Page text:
Racing: Oaks ready to fall to Midnight's strike

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The Independent Online
FOR regular readers of the letters column of the Racing Post, one particular theme has become very familiar in recent weeks. In plaintive and increasingly desperate tones, correspondents from every corner of Britain had pleaded with Godolphin to run Cape Verdi, the 1,000 Guineas winner, in the Oaks today rather than supplementing her for the Derby tomorrow. This point was argued, you understand, entirely on the grounds of racing tradition, and of concern for the filly's well-being. Any suggestion that juicy ante- post vouchers for the Oaks were lurking in the letter-writers' desk drawers would be thoroughly outrageous.

The campaign did not succeed, although a special prize for ingenuity (and cheek) goes to the punter who suggested that the bookies might simply shift all ante-post bets on Cape Verdi for the Oaks on to the Derby instead. In fact, Fred Done - yes, the bookmaker who paid out on Manchester United a couple of months ago - has agreed to do just that, but if any of the big players follow suit, expect a flying pig to win the Oaks today by at least 20 lengths.

This is not simply another example of the risks inherent in betting at long-range, but also something which affects backers looking for an interest this morning. The bookmakers have had a considerable result on the Oaks before a single filly has been installed, and the uncertainty over Cape Verdi's destination in recent weeks has also allowed other runners to be shortened on a regular basis. It is not that the value has gone, but rather that there was very little in the first place.

Punters will certainly think twice before backing Bahr, Cape Verdi's stablemate, at the pared-down odds available today. It is true that there was much to admire in her defeat of Midnight Line in the Musidora Stakes at York, but Henry Cecil's filly, who will attempt to give the trainer his third consecutive Oaks today, was the best at the weights.

Trophy Wife has been purchased and entered in today's Classic purely to ensure a good pace, which should also favour Midnight Line rather than Bahr. The latter's connections were confident after the Musidora that the form would be confirmed at Epsom, but it is hard to share their certainty. There are other dangers, too, notably High And Low, who is certain to stay but may lack a turn of foot, and Cloud Castle, who would have finished a clear second to Cape Verdi in the Guineas at Newmarket with any sort of a clear run.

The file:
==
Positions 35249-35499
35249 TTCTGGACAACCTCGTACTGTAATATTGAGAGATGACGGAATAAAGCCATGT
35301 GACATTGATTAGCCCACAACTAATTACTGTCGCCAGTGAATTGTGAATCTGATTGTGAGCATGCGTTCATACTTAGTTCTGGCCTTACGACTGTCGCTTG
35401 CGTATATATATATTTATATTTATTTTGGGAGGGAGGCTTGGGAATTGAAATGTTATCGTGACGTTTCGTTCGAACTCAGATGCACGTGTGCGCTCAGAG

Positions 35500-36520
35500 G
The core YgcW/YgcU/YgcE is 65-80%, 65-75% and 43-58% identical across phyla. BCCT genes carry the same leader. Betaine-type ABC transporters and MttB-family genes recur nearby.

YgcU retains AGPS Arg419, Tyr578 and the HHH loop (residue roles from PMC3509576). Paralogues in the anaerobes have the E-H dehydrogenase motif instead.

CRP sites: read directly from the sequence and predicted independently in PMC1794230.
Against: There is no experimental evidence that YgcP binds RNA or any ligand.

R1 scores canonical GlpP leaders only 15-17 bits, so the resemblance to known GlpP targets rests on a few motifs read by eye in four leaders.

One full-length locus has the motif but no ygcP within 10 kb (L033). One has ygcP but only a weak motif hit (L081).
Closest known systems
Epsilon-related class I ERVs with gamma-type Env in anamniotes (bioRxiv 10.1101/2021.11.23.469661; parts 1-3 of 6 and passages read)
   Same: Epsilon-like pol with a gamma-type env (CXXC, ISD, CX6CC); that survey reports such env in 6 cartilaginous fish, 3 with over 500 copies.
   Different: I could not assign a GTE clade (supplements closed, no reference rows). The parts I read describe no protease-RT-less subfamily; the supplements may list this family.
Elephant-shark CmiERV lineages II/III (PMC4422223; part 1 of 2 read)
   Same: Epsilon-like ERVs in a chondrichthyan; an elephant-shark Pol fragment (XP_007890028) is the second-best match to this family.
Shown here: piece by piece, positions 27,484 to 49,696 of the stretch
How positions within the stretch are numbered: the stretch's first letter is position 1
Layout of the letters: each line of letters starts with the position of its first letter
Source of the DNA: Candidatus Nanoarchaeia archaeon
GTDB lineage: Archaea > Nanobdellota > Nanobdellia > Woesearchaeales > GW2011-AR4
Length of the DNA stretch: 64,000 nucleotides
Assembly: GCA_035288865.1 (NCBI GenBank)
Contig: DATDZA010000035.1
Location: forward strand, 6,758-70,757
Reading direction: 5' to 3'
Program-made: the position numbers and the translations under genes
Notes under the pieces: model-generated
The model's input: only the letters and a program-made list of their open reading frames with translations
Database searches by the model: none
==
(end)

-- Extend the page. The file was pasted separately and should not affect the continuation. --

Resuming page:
Nor is it possible to rule out Tarascon, who may not have the ideal pedigree for a mile and a half, but was not stopping at the end of her victorious run in the Irish 1,000 Guineas. Jamie Spencer, her young - correction, adolescent - rider may lack first-hand experience of Epsom, but he received instruction from the oldest hand of all, Lester Piggott, when the two of them walked the course yesterday.

Anyone who has not taken a fancy price already - such as the 6-1 available about Midnight Line after the Musidora, or the 10-1 about Cloud Castle which vanished a few days ago - should probably sit this race out. For those who cannot resist, however, the only sensible choice is Midnight Line (4.00).

There is more scope for those seeking value in the Coronation Cup, the second Group One race on the card. Swain, last year's King George winner, is as talented as he is consistent, and came within a mistimed nod of beating Silver Charm in the Dubai World Cup in March. That was a hard race, though, and today's outing is his first since. With the ground not quite as easy as he might like, he is worth avoiding and the one to beat him may be another veteran, Luso (next best 2.45).

The best betting medium of the day is the 17-runner handicap, simply because several horses with an obvious chance on form - Risque Lady and Young Josh among them - are poorly drawn. Of those drawn low, whose advantage can only be compounded by the presence of front-running Shalad'Or in box two, the choice is between Apache Red and GIFT OF GOLD (nap 3.20), with the latter at a more attractive price.

Derby news yesterday concerned Saratoga Springs, who has already veered several times between being a probable starter and an almost definite non-runner. He now seems sure to take his chance, with Willie Ryan, the Derby winner last year on Benny The Dip, in the saddle. The outsider Pegnitz, though, will not be running.

At the other end of the market, Greek Dance continues to shorten, in to 100-30 from 7-2 with William Hill, while Second Empire moved in the opposite direction (3-1 from 9-4) with the same firm. Cape Verdi too is on the drift, out to as much as 5-1 with the Tote.

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